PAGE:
Sprint and T-Mobile are big topics in the merger and acquisition world right now, and according to Wells Fargo Securities, they believe that the undervaluation of Sprint's existing 2.5GHz spectrum could be an important piece for the two companies merging together. Sprint, who bought Clearwire a few years ago, inherited a large chunk of 2.5GHz spectrum in that deal. The company has been using it in their existing 4G LTE network, with carrier aggregation to offer up better speeds and better coverage with the 800MHz spectrum in their Nextel deal from the early 2000s. That 2.5GHz spectrum has been massively undervalued, and it's going to be a big part of 5G, which is what could have T-Mobile's attention.
Where analysts believe that T-Mobile would be the one to purchase Sprint, the company's 2.5GHz portfolio is going to be a big topic. Especially since T-Mobile is working on its 5G network right now, and have already picked up a large chunk of 600MHz spectrum, which would work well with Sprint's existing 800MHz spectrum and their 2.5GHz through carrier aggregation. Currently, Sprint owns more high-band spectrum than any other US carrier, which is a big deal, especially with 5G right around the corner. Carriers like Verizon and AT&T have been buying up smaller carriers that have a decent amount of high-band spectrum (like the 35 to 40GHz spectrum) to work with their existing coverage. High-band spectrum is important because it gives users more bandwidth, while low-band is good for more coverage. And if you use the two together, that's essentially what 5G is going to be.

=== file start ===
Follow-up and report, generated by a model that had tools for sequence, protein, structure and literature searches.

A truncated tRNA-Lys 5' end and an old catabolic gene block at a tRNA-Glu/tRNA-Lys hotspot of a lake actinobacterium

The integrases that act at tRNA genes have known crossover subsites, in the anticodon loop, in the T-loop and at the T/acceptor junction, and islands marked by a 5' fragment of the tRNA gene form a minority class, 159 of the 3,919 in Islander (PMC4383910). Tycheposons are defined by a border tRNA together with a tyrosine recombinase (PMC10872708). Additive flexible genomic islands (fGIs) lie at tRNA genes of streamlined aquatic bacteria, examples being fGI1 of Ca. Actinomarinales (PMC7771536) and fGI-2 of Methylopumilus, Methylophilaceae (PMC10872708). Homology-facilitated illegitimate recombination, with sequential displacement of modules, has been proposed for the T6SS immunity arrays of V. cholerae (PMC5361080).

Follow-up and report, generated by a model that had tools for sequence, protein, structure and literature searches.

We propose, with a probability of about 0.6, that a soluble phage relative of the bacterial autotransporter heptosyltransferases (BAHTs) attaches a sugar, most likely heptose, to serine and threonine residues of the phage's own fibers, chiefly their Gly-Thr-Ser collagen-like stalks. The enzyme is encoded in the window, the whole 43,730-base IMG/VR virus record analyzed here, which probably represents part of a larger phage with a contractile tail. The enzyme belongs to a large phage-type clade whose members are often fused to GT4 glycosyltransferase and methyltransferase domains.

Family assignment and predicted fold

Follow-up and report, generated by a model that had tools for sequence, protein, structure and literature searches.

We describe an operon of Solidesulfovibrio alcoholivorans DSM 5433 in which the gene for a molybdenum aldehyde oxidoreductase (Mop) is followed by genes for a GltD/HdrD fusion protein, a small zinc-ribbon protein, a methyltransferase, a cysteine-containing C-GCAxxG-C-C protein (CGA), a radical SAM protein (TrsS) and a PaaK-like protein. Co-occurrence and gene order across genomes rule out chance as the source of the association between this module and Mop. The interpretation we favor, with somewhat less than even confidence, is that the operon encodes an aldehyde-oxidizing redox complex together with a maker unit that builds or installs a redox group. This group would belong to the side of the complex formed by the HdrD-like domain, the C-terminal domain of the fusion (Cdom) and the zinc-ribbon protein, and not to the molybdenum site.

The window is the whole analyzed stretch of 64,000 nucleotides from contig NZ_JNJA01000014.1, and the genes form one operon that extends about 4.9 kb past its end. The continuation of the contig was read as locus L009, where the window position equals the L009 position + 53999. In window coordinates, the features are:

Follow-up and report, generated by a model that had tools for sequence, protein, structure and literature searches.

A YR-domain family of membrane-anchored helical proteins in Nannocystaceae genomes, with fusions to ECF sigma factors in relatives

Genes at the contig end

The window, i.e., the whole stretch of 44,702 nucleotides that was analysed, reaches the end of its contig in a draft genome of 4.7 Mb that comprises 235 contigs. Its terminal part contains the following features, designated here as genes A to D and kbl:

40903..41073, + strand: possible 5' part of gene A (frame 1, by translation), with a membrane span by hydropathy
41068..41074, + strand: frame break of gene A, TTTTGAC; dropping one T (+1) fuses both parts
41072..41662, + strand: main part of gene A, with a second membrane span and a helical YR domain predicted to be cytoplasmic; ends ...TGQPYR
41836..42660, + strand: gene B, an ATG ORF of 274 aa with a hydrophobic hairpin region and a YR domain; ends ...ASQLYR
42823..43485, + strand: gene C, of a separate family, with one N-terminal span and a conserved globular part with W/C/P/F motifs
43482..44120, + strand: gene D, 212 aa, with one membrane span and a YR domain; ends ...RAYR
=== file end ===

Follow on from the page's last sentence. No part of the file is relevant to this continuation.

It's important to remember that this is all based on what analysts think will happen. And that this is not concrete, nor what either Sprint or T-Mobile has said. That means you'll want to take this all with a grain of salt for now. With more news coming out that the two companies are talking about a merger, it's possible that we could see a deal struck between the two in the next few months. After all, they are basically continuing the talks from a few years ago, but perhaps switching positions - since T-Mobile is now the larger company.